For the SAC Borkum Reef Ground the first three surveys (2002, 2003, and 2005) in summer were removed from the analyses since the stratum-based abundance estimates were either zero or very close to zero due a lack of sightings (see Supplementary Table 3). This led to computational issues in the estimation of trends, as abundances in “agTrend” are modeled using a log-normal distribution (Johnson and Fritz, 2014). The logarithm of zero is not defined. To overcome the problem, we have arbitrarily added the value 1 to the estimate and error structure, which solves the computational issue but is not advised (O’Hara and Kotze, 2010). The resulting model also revealed that the posterior distributions were clearly centered on the original abundance point estimates, as the low estimate with a narrow variance indicates a very precise prior value as a starting point. When removing the first three survey years, the model was deemed more realistic and anticipates very low abundances in the first years in this area and season.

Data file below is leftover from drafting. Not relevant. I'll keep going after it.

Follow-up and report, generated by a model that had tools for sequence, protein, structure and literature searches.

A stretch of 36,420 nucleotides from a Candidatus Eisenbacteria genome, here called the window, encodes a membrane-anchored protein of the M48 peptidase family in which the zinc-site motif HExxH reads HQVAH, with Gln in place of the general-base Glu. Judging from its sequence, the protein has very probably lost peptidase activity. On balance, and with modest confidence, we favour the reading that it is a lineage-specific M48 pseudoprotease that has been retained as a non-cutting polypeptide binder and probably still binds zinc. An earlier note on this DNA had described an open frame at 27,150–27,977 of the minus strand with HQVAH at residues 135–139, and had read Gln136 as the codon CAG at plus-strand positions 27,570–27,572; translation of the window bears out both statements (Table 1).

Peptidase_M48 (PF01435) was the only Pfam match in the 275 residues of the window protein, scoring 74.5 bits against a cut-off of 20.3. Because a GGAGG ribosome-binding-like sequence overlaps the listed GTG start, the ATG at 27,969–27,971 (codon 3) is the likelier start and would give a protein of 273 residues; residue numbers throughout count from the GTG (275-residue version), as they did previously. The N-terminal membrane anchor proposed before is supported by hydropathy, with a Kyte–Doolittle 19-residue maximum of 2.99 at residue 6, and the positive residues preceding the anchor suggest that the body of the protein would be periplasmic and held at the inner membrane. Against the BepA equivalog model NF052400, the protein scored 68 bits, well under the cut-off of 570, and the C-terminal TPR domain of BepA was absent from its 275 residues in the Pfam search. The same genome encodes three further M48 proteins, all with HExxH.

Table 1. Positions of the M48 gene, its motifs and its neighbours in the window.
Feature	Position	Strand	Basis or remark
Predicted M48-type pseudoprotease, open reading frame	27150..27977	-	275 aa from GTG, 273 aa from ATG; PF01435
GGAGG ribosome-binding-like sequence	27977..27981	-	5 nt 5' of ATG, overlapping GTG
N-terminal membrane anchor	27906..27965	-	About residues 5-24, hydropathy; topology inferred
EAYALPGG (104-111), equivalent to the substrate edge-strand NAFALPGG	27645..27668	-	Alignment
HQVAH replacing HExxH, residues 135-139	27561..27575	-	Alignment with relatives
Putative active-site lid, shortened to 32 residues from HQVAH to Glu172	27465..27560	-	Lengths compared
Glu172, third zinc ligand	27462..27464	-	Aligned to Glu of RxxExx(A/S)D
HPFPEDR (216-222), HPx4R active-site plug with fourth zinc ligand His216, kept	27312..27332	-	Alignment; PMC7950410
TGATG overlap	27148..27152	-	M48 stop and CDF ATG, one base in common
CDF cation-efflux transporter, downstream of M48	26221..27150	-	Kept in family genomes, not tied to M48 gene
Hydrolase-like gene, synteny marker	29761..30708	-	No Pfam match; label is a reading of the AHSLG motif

Results

Survey Effort and Harbor Porpoise Sightings

A total effort of 122,344 km was realized under good or moderate conditions during 247 individual aerial survey flights between 2002 and 2019 in spring and summer (Figure 3). A combined total of 12,942 harbor porpoise groups (15,910 individuals) were observed, resulting in an overall mean observed group size of 1.2.

FIGURE 3
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Figure 3. Total number of aerial survey flights conducted in the frame of the national visual monitoring and related research projects between 2002 and 2019 in the German North Sea. Timing of each flight is shown with respect to the Julian day. The red dashed line shows the transition from spring to summer.

The German North Sea EEZ (excluding the Dogger Bank stratum A) was surveyed completely in summer in 7 of 18 years (Figure 4A). The total effective survey effort (i.e., under good or moderate conditions) summed up to 27,633 km. A total of 2,614 harbor porpoise groups were recorded (Supplementary Table 1).